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How to Eliminate Competitive Battlecard Bias to Help Sales Win More Deals

Posted by Emily Dumas on Thu Apr 19, 2018 01:00 PM

chess-3325010_1920One helpful tool in an effective sales enablement playbook is battlecards, especially for when a prospect is choosing between your product and a competitor’s. All too often, companies make the mistake of filling these battlecards with points that have been collected by word of mouth. For instance, if a salesperson is on a call with a prospect and that prospect mentions something about a competitor, that may be added to the battlecard. But, how can you ensure that it’s an accurate insight, and how can other prospects confirm that you’re giving them unbiased information? Let’s take a look at how to eliminate bias and arm your sales team with the best battlecards.

What is a Competitive Battlecard and When Should Your Sales Team Use Them?

Trying to close a deal when a prospect is torn between you and a competitor is the equivalent to trying to win a battle, which is why we call these handy cheat sheets battlecards. Battlecards are most commonly known to hold the strengths, weaknesses, objection handling, product differences, customer happiness levels, competitive analysis, and more. Having uniform collections of data on each competitor allows all of your sales team members to be on the same page, and have prepared answers, rather than just guessing, when a prospect asks for differentiating traits between you and a competitor. Battlecards can be helpful for providing a quick competitive snapshot as a reference for your sales team.

Load your Competitive Battlecards with Trustworthy Information  

There is a certain level of trust that needs to be built during the sales process between the sales representative and the prospect. Your sales team should be able to build the necessary trust with a prospect by showing that they understand not only their industry but also their competitive landscape. If a prospect asks about a competitor while on a sales call, it can be a tricky situation for the sales representative. It’s easy to deflect questions from prospects or provide them with biased information, but they are more likely to trust you if they’re being provided with facts. Being able to provide prospects accurate information about a competitor allows you to maintain your credibility and continue to build trust.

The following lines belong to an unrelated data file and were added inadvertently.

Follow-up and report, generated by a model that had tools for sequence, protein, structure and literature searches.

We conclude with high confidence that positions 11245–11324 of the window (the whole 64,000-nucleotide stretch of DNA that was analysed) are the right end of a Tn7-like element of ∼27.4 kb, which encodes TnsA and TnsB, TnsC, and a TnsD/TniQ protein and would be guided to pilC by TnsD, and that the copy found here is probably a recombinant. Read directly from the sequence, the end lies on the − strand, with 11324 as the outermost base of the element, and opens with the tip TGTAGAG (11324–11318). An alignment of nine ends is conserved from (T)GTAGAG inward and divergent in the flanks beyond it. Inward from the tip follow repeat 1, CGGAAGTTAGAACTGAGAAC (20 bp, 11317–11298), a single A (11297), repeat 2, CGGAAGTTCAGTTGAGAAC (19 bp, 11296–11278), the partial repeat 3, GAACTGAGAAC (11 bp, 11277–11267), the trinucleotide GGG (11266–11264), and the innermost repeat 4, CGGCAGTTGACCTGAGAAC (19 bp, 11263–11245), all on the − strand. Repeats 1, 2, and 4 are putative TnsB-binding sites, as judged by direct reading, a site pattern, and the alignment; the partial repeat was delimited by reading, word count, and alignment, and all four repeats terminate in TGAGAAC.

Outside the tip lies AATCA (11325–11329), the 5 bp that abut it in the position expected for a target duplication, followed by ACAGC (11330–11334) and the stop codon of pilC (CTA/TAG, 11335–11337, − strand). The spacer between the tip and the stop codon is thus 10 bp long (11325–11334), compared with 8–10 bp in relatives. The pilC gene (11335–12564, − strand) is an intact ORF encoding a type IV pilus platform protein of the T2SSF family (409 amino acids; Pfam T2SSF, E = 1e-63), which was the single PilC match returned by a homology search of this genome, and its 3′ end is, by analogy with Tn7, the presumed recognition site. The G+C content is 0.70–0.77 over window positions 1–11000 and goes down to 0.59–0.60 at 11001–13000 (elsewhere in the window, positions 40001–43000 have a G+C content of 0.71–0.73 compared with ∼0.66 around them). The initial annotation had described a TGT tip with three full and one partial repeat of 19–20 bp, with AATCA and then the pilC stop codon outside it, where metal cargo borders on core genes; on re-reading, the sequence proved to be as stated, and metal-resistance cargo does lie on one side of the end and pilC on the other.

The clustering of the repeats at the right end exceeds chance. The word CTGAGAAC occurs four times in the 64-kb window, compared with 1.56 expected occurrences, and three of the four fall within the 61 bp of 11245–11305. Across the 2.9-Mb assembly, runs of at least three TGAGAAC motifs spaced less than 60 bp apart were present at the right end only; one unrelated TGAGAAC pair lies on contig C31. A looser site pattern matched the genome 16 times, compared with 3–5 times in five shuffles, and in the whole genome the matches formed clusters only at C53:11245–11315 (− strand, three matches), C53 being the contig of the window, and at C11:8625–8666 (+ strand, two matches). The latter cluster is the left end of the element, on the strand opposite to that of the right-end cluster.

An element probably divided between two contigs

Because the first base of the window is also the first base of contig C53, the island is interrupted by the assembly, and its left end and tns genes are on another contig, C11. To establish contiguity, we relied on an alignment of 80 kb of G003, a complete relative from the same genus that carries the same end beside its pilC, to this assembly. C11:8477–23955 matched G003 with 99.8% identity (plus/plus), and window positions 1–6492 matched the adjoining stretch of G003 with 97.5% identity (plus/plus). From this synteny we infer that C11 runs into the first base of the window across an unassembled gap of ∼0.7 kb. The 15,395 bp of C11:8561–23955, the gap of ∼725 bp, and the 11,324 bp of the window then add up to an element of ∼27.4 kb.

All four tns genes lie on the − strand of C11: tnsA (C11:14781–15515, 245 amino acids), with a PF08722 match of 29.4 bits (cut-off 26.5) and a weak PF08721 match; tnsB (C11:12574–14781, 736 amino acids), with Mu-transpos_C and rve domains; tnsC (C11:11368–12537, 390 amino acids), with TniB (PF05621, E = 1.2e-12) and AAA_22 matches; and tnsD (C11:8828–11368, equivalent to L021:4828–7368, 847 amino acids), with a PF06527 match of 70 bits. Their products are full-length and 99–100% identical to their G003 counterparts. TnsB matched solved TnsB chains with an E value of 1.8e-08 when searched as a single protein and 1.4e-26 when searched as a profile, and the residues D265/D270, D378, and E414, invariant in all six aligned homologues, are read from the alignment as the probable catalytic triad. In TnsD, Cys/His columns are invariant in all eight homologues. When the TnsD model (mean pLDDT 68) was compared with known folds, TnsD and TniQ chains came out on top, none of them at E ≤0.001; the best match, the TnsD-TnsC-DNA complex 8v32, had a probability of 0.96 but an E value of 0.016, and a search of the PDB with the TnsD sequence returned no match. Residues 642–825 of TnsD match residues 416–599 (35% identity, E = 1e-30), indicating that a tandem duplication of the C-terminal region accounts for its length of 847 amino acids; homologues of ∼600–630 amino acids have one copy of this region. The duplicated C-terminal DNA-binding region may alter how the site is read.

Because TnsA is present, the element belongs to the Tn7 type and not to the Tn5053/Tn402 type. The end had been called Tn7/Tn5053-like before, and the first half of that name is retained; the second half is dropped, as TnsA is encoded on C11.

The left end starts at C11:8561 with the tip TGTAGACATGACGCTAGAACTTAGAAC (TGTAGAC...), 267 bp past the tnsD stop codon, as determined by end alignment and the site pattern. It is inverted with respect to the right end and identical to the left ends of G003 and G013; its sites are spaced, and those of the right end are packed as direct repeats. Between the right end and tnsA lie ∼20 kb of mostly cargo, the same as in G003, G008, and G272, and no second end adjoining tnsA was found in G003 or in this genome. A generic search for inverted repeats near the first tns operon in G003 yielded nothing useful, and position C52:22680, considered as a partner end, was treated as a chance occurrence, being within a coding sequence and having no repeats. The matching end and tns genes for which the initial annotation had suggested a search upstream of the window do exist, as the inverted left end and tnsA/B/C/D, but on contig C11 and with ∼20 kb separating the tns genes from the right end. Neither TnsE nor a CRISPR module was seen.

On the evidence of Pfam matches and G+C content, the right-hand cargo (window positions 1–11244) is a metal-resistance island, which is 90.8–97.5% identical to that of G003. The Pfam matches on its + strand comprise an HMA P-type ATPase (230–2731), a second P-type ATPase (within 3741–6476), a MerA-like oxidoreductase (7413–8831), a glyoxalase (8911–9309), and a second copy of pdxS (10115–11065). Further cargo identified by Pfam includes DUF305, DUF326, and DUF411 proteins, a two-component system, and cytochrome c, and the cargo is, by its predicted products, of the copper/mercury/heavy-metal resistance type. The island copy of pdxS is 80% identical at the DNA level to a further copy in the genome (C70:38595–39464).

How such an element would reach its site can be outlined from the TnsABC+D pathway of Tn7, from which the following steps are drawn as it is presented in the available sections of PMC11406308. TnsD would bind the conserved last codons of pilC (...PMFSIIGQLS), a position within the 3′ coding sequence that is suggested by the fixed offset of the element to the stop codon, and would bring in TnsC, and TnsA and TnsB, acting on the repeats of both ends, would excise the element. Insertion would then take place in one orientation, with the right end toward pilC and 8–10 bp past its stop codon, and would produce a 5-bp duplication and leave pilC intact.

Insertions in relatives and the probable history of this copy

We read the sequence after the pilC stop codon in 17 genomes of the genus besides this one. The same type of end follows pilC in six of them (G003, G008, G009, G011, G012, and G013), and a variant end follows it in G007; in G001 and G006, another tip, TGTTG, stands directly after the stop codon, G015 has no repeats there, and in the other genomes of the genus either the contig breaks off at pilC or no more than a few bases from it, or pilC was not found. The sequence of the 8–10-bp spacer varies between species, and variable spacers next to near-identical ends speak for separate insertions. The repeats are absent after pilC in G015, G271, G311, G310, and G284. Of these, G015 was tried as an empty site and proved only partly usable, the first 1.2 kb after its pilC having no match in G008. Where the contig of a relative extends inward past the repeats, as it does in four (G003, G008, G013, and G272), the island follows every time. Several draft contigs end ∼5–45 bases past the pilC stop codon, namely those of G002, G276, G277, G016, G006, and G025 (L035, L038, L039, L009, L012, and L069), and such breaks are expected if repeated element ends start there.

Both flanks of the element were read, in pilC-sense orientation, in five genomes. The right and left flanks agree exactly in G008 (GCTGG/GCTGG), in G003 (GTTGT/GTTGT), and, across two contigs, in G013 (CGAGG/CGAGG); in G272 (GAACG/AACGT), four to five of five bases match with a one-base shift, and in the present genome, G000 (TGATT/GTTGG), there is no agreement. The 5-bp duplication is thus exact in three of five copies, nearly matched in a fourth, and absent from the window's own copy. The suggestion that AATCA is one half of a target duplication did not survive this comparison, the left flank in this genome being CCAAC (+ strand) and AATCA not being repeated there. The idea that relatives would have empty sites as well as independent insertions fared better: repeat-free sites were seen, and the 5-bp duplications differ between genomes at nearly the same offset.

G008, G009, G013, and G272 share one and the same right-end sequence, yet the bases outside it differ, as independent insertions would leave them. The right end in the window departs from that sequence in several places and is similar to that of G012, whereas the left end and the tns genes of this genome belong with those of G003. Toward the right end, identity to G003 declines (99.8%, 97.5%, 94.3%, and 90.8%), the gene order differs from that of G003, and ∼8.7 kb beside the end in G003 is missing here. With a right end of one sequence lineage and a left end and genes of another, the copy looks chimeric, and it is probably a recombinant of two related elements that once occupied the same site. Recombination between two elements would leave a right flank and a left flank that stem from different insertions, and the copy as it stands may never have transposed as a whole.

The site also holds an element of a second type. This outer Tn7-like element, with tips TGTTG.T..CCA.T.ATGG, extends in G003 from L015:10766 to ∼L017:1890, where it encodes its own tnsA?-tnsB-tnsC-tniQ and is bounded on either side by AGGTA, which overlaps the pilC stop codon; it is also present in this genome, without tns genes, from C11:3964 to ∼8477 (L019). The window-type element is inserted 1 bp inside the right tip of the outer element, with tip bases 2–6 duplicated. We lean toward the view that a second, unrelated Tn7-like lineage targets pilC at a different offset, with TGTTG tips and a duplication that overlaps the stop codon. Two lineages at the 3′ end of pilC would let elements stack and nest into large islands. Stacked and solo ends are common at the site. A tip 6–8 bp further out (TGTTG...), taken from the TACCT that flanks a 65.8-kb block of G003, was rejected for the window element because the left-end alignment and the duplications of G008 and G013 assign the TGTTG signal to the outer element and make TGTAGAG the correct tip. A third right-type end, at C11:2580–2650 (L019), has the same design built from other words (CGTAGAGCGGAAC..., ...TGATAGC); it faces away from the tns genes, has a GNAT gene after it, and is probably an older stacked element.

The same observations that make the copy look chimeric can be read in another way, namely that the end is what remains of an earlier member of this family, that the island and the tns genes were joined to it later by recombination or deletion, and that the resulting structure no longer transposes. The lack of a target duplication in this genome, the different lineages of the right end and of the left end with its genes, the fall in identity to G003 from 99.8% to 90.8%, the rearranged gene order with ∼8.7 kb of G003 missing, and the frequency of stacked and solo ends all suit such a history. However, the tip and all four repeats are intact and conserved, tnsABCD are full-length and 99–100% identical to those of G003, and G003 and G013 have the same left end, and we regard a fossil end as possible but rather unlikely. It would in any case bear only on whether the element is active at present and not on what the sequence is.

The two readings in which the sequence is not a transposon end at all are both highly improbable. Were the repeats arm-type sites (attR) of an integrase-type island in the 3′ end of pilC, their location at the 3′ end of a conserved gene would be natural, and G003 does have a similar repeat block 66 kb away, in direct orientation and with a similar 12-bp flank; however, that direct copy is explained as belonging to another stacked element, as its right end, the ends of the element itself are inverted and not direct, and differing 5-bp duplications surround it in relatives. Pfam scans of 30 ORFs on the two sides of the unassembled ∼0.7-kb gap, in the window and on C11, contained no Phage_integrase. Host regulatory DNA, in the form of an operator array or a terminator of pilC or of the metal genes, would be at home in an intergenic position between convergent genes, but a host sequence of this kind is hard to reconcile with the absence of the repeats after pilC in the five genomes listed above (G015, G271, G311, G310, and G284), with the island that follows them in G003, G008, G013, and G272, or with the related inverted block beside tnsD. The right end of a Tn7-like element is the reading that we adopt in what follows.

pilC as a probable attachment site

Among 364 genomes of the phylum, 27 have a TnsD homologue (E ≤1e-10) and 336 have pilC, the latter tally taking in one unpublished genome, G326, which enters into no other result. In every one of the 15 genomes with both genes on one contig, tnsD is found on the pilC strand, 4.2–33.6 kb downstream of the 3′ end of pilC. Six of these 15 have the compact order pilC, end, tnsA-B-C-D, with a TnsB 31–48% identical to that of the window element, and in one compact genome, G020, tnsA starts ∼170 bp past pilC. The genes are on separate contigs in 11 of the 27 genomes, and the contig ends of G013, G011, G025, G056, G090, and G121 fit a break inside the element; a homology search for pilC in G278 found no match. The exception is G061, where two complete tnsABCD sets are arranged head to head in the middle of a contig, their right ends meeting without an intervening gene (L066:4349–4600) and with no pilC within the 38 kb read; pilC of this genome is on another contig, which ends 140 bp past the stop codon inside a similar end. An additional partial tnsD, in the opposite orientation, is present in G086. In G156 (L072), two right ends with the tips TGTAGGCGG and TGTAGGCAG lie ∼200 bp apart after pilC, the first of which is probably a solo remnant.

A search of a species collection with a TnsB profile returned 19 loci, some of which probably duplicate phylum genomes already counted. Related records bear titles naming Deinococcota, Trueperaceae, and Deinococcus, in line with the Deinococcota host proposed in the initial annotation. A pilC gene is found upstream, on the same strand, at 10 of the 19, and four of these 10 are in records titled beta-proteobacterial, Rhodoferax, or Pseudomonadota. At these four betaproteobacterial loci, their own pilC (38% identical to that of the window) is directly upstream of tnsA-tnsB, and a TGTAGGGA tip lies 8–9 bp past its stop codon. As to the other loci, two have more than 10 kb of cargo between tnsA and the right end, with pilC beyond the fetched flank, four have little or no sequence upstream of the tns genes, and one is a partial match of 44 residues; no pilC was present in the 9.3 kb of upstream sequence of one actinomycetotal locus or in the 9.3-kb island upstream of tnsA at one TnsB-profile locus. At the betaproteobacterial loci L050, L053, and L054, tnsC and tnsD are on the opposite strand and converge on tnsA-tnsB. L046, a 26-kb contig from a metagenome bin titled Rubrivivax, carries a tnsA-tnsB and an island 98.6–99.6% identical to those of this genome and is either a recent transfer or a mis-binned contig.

That’s why relying on hearsay to create battlecards can hurt your chances of closing a deal. Due to the fact that battlecards are typically created with information that is passed on by word of mouth, it’s important to double check that your battlecards have honest and accurate information. So, how do you validate the claims that are being said about competitors? Do you wait until multiple sales people tell you the same claim? Do you simply trust that the information they receive from a prospect is right? Or, do you have a source to validate the claims? Truly the best practice is to have sources to validate the information you’ve been given.

Use Data to Validate Claims

Depending on the information that the prospect shared with your sales rep, there are multiple sources you could use for validating the claim. You can easily view your competitor’s press releases, product release notes, or customer reviews online. That way you can see firsthand what your competitors are doing, and what your competitors’ customers are really saying about the product. All of these sources are good validators of information that can help you put together valuable information to add to your battlecards.

For example, your sales rep is on a call with a prospect, and they mention that one of your competitor’s products isn’t very user friendly. Since you may not have firsthand knowledge of this, the best way to investigate and get validation would be to check reviews from their customers as well as product updates to see if your competitor is trying to improve their UX. You can arm your team by letting them know the cons of your competitor’s UX in comparison to the pros of your product or encourage them to point prospects to the negative reviews citing the competition’s poor UX. That way, your team is prepared to tackle that topic in the future.

Battlecards Are Only One Part of Your Sales Enablement Tool Belt

Information changes rapidly, which means gathering competitive intelligence never stops. The information that you’re gathering is beneficial for all teams within your organization. Battlecards may only be one part of your sales enablement tool belt, but should be updated whenever you have new factual data about a competitor. Ensure that you’re staying on top of the changing landscape and keep your battlecards robust with the help of a real-time competitive intelligence tool which can gather great competitive intel and provide your teams with relevant alerts.

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Marketing Strategy

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